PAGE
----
When I go into large organizations, I expect to find a few accounts on a handful of database to be set with default passwords. When you have thousands of databases, it happens. Ten thousand systems left with default password, across applications and network devices, is a systemic disregard of security. It's not forgetfulness; it's willful choice. Many systems prompt you to change defaults after the first login, so you have to intentionally type in the default password to keep it in place. I don't really have a lesson here other than to point out that easy security stuff is easy security stuff, and there is no reason to be burned by it. Database vulnerability assessment tools, across the board, included password checking about eight years ago. Each one checks for default passwords for all default accounts across every major type of relational database platform. These tools are fast. They identify exactly which accounts are at risk. They offer centralized management, easy-to-read reports, and tie into trouble-ticketing systems so people get the work rders automatically. And default password resets are really easy to do!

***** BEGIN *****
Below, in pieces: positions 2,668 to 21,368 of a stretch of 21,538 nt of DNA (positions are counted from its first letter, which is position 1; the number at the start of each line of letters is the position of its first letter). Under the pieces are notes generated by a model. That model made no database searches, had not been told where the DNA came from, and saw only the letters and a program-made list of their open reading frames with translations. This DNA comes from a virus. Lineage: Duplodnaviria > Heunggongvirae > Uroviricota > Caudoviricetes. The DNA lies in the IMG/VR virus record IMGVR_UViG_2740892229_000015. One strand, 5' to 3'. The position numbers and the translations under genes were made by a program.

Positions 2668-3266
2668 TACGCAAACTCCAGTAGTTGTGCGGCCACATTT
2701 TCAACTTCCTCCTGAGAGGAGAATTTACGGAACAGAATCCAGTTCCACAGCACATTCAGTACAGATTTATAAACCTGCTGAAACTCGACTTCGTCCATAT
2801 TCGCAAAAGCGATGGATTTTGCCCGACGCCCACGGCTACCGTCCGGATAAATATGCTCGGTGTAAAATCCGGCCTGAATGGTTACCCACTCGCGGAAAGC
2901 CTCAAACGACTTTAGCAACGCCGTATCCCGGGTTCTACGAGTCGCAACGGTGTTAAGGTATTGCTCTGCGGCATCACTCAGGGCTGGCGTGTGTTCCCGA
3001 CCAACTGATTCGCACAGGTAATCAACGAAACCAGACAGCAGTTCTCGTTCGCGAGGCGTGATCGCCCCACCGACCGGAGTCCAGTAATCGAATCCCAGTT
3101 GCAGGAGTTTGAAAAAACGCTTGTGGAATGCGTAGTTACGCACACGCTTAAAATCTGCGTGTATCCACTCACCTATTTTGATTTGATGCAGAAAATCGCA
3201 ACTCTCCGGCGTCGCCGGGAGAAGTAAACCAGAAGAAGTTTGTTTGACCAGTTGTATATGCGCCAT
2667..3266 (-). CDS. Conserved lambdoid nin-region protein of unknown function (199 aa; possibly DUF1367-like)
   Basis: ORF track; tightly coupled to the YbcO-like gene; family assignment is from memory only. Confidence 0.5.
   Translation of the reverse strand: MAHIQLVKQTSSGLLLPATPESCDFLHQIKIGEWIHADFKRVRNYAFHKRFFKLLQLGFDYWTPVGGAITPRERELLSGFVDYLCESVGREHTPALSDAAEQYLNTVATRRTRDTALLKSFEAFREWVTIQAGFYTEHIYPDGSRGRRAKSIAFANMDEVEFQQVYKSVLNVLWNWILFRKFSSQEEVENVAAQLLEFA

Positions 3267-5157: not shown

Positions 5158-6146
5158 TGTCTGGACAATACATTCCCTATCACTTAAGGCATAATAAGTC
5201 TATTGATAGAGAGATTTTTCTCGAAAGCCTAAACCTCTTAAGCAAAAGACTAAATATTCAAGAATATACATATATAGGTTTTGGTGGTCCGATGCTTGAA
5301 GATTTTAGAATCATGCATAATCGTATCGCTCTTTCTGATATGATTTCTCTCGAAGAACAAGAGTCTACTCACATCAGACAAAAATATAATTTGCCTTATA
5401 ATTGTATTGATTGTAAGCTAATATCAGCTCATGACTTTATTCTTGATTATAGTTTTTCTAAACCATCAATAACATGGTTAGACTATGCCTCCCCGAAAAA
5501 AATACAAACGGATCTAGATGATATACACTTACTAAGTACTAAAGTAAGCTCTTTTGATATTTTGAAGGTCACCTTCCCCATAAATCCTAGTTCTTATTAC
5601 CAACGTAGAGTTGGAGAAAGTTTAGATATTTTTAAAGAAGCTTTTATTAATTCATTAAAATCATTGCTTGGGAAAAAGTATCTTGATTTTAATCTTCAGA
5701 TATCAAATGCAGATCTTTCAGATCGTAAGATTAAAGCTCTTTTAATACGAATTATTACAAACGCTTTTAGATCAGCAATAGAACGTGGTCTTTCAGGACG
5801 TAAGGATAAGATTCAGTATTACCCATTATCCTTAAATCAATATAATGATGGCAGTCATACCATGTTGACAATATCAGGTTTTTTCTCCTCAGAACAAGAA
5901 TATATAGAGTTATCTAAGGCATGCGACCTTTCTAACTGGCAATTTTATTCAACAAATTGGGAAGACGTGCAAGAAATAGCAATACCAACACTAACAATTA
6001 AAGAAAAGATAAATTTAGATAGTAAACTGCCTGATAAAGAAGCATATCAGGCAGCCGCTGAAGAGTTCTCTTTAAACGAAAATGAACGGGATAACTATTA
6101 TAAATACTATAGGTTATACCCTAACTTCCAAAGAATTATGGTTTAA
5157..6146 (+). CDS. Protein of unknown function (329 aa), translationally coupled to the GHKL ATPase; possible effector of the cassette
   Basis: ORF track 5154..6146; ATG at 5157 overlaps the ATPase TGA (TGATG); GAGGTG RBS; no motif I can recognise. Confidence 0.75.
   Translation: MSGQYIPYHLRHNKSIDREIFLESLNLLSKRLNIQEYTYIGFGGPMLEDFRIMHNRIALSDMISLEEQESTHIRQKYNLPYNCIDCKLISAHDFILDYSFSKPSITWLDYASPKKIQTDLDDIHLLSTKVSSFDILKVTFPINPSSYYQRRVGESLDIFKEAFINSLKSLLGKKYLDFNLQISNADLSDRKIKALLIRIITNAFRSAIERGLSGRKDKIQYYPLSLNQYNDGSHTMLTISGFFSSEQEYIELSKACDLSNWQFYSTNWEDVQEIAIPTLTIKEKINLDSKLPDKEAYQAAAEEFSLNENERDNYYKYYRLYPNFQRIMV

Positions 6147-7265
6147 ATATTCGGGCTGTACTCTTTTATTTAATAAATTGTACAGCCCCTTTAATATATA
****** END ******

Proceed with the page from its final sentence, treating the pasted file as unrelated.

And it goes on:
If you're someone in IT who worries that if you set a password, your co-workers won't have the password and will not be able to gain access, that's a reasonable concern. But it's also why we have password managers, both corporate and personal versions. You can share passwords across a group if need be.
I recommend reading the full article because it's interesting, and the attack looks very similar to the one mentioned in my "Why Monitor Databases" post. Adrian Lane is an analyst/CTO with Securosis LLC, an independent security analyst firm. Special to Dark Reading.